Corporate minimum tax proposal unveiled by key Senate Democrats

U.S. Senator Elizabeth Warren (D-MA) speaks during a Senate Finance Committee hearing on the nomination of Chris Magnus to be the next U.S. Commissioner of Customs and Border Protection, at the Dirksen Senate Building on Capitol Hill in Washington, DC, October 19, 2021.

Mandel Ngan | pool | Reuters

WASHINGTON — Three Senators Elizabeth Warren, Massachusetts, and Angus King, Maine, and Senate Finance Committee Chairman Ron Wyden, Urey have released new details of a Democratic plan to trigger a minimum corporate tax of 15% on declared income for large corporations.

Senators will propose including the tax as a source of income to help fund the massive “Build Back Better” bill that Democrats are currently negotiating.

According to a statement from the senators, the minimum corporate tax Will be:

  • It only applies to companies that publicly declare profits of more than $1 billion annually for three years.
  • Create an all-inclusive minimum 15% tax on those earnings.
  • Preserve “the value of trade credits—including research and development, clean energy, and housing tax credits—and include some flexibility for businesses to carry forward losses, take advantage of foreign tax credits, and claim a minimum tax credit against regular taxes in future years.”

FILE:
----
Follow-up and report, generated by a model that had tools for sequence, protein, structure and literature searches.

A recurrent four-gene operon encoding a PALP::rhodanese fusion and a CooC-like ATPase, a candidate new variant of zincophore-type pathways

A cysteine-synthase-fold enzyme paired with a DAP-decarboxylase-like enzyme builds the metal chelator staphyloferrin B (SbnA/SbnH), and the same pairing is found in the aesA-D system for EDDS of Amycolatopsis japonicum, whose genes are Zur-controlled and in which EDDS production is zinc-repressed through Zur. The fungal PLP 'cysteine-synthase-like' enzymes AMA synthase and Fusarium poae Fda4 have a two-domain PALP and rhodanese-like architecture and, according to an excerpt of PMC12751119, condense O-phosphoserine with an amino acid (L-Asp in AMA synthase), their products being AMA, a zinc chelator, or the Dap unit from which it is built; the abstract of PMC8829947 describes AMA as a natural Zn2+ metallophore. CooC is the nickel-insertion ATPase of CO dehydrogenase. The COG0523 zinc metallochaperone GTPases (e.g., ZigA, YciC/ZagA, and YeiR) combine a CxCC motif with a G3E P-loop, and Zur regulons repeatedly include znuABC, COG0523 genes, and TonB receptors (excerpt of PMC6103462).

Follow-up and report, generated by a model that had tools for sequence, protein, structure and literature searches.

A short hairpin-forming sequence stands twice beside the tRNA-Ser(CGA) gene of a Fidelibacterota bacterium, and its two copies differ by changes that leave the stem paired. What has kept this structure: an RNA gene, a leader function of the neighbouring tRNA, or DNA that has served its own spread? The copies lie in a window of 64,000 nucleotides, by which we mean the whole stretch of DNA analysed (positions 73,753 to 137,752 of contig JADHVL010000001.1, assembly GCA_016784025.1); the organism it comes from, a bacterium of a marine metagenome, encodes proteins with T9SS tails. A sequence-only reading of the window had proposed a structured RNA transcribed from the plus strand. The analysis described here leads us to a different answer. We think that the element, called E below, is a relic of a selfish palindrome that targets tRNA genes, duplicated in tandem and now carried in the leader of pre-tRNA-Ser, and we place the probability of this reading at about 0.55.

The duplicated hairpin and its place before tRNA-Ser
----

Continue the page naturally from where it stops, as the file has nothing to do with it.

The tax proposal gained new focus this week after Arizona Senator Kerstin Senema announced she would not support raising the current corporate tax rate, which was the Democrats’ original plan to raise revenue for their social spending plan.

The senators said the tax would likely apply to about 200 US companies.

Democrats have not mentioned which trade credits will be held within the tax code. The details of those credits could potentially make a big difference to businesses facing the prospect of paying tax.

According to legislative language from Warren’s office, it appears that the Secretary of the Treasury will be tasked with determining which appropriations apply.

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“The country’s most profitable companies are often the worst offenders when it comes to paying their fair share. Year after year they report record dividends to shareholders and pay little or no tax. Our proposal will address the most egregious cases of corporate tax evasion by ensuring that the most horrific cases of corporate tax evasion are ensured,” Wyden said. In a statement, “Big companies pay minimum taxes.”

They specifically referred to Amazon, which they said has reported $45 billion in profits over the past three years, but paid “an effective tax rate of just 4.3% — well below the corporate tax rate of 21%.”

The proposal has yet to receive an official seal of approval from leaders of the House and Senate. But Warren said she and her colleagues “engaged extensively” with the Senate Finance Committee, the White House and the Treasury Department to develop this updated proposal for inclusion in the Building Back Better bill.

To read the legislative language, click here.

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